It's hard to say which is the real Nelson. With a .301/.352/.458 slash line for the season, he out-performed Baseball Prospectus's PECOTA projections of .270/.312/.427, which provides a sense of just how far he exceeded reasonable expectations, and also how far he might revert. He also doesn't hit for power and that's something that teams traditionally seek at the position. A team like the Rockies might get enough of a power-lift from Troy Tulowitzki, Carlos Gonzalez, and the thin mountain air to supplement Nelson, but once Arenado is ready to assume the position, Nelson is just a Rockies utility guy, whereas if he's traded he could be someone else's starter. Nelson's biggest weakness is his defense-even though he can play second or third, he's not very good at either position. Still, he's a cheap option coming off a good season, due just $480,000 next season.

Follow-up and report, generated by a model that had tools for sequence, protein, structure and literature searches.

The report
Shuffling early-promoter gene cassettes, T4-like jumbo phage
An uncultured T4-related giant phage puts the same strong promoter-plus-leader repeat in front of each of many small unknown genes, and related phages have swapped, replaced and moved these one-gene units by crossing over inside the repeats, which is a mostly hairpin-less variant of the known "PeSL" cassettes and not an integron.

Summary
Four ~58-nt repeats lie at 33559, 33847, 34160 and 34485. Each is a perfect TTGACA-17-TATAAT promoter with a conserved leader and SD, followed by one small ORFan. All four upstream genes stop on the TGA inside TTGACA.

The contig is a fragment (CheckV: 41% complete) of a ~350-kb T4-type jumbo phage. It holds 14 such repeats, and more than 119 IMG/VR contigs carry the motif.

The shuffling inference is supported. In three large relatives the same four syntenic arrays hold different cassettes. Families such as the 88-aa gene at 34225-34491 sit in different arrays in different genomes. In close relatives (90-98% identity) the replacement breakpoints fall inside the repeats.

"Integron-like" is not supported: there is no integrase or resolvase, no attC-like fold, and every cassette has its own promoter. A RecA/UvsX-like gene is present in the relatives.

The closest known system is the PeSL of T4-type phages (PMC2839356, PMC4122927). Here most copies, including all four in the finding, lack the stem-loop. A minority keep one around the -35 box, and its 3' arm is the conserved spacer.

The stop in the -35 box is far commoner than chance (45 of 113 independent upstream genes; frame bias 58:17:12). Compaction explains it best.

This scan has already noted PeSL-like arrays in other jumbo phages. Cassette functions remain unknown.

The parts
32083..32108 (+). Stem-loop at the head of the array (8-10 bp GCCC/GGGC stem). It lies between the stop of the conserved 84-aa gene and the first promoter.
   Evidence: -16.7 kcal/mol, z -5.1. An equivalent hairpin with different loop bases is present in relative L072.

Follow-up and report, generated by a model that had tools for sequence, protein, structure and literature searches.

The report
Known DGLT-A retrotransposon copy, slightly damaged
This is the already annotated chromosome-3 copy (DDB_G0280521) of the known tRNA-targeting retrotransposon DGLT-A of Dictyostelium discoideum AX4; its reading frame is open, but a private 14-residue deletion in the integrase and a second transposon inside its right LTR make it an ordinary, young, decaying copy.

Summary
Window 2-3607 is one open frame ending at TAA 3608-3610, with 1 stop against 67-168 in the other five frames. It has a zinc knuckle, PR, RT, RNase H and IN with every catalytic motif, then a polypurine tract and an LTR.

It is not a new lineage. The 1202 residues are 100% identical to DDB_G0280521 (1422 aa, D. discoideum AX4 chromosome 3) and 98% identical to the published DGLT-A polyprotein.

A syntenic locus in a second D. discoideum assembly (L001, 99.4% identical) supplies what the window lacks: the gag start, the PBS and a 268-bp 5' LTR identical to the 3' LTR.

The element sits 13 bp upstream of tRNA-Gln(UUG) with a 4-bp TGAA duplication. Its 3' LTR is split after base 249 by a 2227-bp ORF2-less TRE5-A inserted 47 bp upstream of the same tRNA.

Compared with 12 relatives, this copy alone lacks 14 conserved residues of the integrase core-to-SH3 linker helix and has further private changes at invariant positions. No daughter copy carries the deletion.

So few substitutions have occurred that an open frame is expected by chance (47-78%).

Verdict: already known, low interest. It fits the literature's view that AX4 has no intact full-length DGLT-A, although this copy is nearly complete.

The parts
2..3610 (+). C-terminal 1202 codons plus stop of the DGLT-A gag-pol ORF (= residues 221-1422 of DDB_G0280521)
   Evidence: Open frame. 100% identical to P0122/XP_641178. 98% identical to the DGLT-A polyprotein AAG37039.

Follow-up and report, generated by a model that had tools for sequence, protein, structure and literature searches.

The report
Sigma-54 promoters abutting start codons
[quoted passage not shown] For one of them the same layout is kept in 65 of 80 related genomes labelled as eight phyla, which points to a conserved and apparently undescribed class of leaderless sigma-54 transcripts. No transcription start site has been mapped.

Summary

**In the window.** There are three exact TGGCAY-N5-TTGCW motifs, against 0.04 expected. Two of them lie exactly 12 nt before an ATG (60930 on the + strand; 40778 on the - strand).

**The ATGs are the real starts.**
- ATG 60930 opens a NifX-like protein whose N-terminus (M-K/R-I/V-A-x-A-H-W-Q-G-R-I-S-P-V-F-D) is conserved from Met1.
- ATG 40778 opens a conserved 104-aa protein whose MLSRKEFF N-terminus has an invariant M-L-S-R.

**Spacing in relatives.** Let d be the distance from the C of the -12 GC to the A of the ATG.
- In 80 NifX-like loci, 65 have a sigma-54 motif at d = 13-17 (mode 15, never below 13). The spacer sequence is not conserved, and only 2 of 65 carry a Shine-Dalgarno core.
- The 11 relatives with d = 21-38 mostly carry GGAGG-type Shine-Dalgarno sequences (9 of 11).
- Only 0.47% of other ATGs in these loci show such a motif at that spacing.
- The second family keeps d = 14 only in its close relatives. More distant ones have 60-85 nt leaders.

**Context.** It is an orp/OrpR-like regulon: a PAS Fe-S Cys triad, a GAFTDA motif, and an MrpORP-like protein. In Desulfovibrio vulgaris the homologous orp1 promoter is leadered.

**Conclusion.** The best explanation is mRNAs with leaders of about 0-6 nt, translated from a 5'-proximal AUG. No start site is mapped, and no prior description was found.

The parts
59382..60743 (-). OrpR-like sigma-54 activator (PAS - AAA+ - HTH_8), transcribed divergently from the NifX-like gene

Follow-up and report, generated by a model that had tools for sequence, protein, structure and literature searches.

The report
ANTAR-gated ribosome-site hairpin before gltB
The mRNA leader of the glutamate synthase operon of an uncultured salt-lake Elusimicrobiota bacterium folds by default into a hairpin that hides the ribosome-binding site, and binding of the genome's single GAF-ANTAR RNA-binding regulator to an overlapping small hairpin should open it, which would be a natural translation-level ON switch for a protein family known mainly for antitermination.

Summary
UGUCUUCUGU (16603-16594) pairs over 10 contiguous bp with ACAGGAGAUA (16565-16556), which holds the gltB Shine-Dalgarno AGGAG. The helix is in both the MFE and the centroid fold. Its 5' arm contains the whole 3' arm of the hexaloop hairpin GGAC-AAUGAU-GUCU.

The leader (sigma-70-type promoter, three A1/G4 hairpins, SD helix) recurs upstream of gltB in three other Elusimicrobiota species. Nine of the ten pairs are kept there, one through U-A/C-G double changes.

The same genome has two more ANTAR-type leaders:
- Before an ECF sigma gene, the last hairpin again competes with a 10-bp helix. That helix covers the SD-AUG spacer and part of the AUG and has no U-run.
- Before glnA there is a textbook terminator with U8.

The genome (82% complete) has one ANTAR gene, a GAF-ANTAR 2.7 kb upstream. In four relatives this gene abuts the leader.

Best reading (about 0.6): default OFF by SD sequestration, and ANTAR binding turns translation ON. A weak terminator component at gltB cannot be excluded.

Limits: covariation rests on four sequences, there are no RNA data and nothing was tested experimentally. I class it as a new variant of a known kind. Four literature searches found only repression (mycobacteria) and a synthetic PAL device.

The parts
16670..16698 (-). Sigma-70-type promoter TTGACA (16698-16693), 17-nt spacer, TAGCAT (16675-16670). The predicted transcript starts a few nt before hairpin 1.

Teams may prefer Pacheco because of the success he had this season, but he's more difficult to evaluate. You can scream "small sample size" about anyone's rookie season, but Pacheco's in particular should invite skepticism in that he exceeded all expectations offensively. Pacheco had just enough at bats to qualify for the batting title and finished sixth in the National League batting race, hitting .309/.341/.421. In doing so, he greatly exceeded his PECOTA projection (.259/.313/.367). It's fair to wonder how much of that was the hitter-friendly environment at home and a push from the BABIP Fairy (.344). One thing is certain, though-he's a contact hitter, not a power hitter. While his ISO improved slightly from .99 in Triple-A Colorado Springs, to .112 in the majors, it's considerably below league average, especially when you consider where he played.